In early October, a new report, “Meat Consumption and Health: Food for Thought,” published in the Annals of Internal Medicine, challenged the prevailing wisdom that the consumption of red meat produces negative health effects in humans.
The study, which based on the “most comprehensive review of the evidence to date,” takes to task the legacy of flawed trials and biases against meat intake and concludes that red meat does not cause diseases. Yes, you read that correctly: not even cancer or heart disease.
In fact, the new guideline suggests “adults continue to eat their current levels of red and processed meat, unless they felt inclined to change them themselves.”
Well now, this is good news for the meat industry. Finally, some decent press, right?
However, this reprieve comes at a time when livestock production is under scrutiny on a different front: its greenhouse gas emissions.
Climate change: Pointing fingers at livestock production
This week alone, buzzwords like “climate change deniers,” 16-year-old climate activist Greta Thunberg nearly winning a Nobel Peace Prize and Jane Fonda getting arrested during a climate strike have made international headlines. And with it in the same context, the discussion surrounding the environmental impact of meat consumption comes up time and time again.
Worldwide, livestock is responsible for 14.5% of total greenhouse gas emissions — largely related to ruminant production and, to a lesser extent, monogastric emissions. However, it’s important to remember this figure factors in more than just animal bodily functions. For example, feed production and processing — including land use — accounts for 45% of the total.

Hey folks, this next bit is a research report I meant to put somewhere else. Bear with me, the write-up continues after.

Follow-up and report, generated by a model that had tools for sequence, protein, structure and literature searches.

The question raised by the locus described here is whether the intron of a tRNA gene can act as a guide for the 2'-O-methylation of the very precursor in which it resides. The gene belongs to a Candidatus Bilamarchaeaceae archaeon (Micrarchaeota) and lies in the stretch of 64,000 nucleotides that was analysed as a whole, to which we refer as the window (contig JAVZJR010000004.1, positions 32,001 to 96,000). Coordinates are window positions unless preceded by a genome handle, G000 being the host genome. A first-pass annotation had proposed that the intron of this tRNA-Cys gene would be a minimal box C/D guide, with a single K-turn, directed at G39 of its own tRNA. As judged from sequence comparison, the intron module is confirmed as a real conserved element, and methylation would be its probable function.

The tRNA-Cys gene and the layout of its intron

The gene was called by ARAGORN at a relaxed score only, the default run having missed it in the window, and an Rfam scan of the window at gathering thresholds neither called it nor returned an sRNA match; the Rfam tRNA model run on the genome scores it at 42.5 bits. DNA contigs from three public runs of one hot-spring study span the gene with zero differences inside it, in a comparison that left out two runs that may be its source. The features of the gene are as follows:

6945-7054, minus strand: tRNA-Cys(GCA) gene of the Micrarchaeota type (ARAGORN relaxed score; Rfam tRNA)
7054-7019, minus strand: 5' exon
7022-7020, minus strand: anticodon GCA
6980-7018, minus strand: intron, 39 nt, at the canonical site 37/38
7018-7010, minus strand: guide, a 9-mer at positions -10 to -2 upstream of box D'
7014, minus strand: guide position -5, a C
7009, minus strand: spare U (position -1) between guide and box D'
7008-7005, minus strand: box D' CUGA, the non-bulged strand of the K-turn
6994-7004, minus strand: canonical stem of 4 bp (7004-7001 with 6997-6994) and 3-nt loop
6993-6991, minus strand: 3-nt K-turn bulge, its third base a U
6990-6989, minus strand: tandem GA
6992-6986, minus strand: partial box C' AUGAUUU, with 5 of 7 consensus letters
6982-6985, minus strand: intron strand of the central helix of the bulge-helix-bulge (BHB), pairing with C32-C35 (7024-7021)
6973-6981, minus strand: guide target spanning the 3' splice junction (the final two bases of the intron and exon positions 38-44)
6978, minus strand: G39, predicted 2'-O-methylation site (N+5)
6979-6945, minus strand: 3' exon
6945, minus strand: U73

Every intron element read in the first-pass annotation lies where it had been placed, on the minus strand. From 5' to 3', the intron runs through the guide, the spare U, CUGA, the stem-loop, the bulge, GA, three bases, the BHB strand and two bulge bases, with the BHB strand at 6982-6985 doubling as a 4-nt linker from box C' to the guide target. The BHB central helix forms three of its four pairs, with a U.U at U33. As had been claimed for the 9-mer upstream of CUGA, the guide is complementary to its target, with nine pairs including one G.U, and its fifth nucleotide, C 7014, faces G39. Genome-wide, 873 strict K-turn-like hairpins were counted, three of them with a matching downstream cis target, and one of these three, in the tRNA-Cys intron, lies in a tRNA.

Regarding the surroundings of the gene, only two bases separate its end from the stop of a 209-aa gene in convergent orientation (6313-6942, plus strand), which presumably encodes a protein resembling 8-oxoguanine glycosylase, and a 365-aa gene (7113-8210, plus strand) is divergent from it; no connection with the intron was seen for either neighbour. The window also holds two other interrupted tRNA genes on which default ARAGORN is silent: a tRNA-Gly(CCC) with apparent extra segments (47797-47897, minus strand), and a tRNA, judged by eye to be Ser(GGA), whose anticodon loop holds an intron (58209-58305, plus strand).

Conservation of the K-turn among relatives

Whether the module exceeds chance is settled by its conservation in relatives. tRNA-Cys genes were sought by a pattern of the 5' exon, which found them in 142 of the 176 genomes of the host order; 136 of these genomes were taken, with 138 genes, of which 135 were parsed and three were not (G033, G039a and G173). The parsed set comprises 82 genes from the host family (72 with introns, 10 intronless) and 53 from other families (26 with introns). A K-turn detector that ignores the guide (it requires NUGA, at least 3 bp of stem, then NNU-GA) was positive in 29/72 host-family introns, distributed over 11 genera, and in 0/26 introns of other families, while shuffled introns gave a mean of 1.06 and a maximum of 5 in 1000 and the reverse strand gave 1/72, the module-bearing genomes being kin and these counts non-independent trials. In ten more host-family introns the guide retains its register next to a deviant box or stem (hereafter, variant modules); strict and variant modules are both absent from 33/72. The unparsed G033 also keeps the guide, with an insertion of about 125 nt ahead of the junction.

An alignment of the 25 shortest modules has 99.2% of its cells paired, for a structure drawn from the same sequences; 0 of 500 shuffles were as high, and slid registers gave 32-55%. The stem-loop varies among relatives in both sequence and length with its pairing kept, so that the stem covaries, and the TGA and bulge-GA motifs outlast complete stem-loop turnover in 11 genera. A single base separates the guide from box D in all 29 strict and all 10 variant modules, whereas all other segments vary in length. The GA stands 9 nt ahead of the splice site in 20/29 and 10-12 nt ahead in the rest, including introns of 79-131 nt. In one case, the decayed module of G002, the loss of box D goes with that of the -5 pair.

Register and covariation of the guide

Despite your stance on the culprits behind global warming, the climate crisis is for certain part of 2019’s zeitgeist.
Climate change and the feed industry
Erratic weather over the past several years poses a very real threat to animal health and grain quality, cost and availability. Experts do not foresee stabilization or a return to “normal” in the near or distant future. (Yes, I’m aware of natural climate cycles, etc.)
Regardless of the cause of global warming and its weather woes, the changing environment will introduce more challenges for global feed and animal protein producers. In addition to the effects extreme weather has on crop production, yield and food security, high levels of mycotoxin contamination will increasingly impact grain quality and, in turn, human and animal health.
More so than other areas of consumer demands and geopolitical uncertainty, climate change may arguably be the greatest challenge facing the feed industry moving forward.
Would you like to know more about the correlation between climate change, mycotoxins and feed management solutions? Keep an eye out for Feed Strategy’s November issue.